A “//” signaled a shift in tone to “Our three orange trees are all bearing,” which meant that Bishop was making marmalade, “2 dozen jars.” Both the oranges and the preserve were “delicious.”

She then reported that “Sunday night we had six guests for supper,” and asked her aunt: “guess what” they had: “pancakes and maple syrup.” Bishop was stretching out that 1960 gift as long as she could, writing that she still had “a quart or more left.” This number of people were kept supplied with pancakes because “the cook had taught her husband how to fry them, too,” and “they had two frying pans going.”

A dash signaled the next shift, back to family. Bishop had recently heard from her paternal cousins “Kay & Nancy” with “grim and horrible news about Aunt F.” She avoided particulars. Bishop confessed to feeling “awful about her,” but she didn’t “know what to do.” Just what “awful” means is somewhat ambiguous, but still she felt she was somehow not doing all she could to support these relatives. Bishop confided that she trusted Nancy, “but no one else in that family.”  Bishop wondered if Florence “should be moved to another nursing home …. I just don’t know.” The problem, according to Bishop, was that Florence “behaves so badly that no place wants her.” She concluded that the whole situation was “tragic.” There was no love lost between Bishop and her difficult aunt, but still she kept tethered to that Bishop side, staying in touch. She noted that if she did “make any money” that she would “make a quick trip to NY, and then go to see for myself.”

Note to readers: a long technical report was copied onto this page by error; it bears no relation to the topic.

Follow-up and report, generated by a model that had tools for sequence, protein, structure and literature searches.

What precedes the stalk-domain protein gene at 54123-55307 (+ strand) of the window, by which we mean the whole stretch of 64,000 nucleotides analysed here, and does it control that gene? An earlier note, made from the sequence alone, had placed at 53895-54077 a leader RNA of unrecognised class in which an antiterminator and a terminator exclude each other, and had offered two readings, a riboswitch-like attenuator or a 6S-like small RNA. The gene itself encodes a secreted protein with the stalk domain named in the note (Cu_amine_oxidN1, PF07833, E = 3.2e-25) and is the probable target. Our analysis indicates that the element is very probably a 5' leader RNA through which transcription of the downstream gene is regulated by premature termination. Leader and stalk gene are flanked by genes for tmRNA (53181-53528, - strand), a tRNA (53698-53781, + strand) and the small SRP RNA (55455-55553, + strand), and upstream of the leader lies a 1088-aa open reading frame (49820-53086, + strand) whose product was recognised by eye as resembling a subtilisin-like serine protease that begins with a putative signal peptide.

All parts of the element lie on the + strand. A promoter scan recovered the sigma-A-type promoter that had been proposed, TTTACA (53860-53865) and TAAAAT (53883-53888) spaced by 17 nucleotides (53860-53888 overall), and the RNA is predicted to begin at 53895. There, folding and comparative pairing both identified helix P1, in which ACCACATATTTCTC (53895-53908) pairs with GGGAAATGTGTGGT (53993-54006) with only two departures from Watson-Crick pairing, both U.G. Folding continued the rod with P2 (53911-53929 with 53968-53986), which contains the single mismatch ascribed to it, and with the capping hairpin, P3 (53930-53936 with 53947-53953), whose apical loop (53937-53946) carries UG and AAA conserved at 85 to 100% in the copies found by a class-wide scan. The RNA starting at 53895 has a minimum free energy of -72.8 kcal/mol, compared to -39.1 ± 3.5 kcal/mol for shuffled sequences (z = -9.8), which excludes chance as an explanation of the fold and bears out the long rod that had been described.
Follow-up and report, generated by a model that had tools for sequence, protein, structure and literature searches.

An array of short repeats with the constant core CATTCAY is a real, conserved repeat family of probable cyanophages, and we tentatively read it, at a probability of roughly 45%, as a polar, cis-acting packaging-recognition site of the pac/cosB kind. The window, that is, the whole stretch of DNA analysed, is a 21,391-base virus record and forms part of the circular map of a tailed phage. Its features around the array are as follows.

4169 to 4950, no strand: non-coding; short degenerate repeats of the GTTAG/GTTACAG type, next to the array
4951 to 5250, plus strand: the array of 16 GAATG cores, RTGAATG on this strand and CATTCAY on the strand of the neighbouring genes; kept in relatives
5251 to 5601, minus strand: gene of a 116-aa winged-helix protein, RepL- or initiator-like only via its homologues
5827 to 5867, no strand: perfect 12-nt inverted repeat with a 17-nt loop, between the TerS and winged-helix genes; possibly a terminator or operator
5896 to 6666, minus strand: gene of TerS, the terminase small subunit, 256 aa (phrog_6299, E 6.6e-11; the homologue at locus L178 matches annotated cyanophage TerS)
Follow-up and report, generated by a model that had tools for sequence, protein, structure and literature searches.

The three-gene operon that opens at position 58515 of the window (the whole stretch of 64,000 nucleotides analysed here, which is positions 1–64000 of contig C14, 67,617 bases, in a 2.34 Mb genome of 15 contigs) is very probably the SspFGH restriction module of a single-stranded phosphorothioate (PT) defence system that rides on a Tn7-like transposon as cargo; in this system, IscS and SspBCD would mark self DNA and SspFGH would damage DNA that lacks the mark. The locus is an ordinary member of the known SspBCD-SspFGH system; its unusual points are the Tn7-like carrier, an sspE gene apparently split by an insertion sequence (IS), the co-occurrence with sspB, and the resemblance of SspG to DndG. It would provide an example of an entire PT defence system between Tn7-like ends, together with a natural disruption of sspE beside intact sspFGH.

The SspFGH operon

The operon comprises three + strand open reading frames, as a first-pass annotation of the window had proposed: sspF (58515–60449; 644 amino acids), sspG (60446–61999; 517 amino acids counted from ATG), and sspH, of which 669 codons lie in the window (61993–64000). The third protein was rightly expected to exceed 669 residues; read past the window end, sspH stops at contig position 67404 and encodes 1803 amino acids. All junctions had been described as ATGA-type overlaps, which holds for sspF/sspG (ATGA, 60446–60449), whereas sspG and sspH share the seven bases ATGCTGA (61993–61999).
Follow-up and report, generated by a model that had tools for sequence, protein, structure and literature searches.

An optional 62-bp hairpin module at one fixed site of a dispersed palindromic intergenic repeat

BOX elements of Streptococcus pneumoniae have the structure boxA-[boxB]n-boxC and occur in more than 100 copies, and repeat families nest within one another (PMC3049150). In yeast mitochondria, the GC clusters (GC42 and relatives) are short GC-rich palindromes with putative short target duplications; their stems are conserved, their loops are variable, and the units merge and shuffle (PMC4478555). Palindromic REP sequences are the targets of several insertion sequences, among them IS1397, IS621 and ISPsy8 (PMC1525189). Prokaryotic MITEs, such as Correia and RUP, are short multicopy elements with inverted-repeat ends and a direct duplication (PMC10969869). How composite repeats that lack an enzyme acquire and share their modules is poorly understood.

Another “//” signaled the end of this short but packed letter, urging Grace to “take care of yourself” and “write me again soon.” She asked specifically for her aunt to tell her about her health and to “send a snapshot of the baby [Miriam Sutherland].”

Bishop’s next letter to her aunt was written just over a month later, a longer one with more detailed updates of nearly every topic mentioned in this June missive. The next post will introduce 26 July 1961.

*Note: Bishop did accept this commission with Time-Life. The fraught process of editing the book, which has become legendary, took her to New York City. In the end, Bishop was not happy with the result. Some subsequent scholars and commentators also take exception to it, such as Clarice Lispector scholar Benjamin Moser in a 2012 New Yorker essay.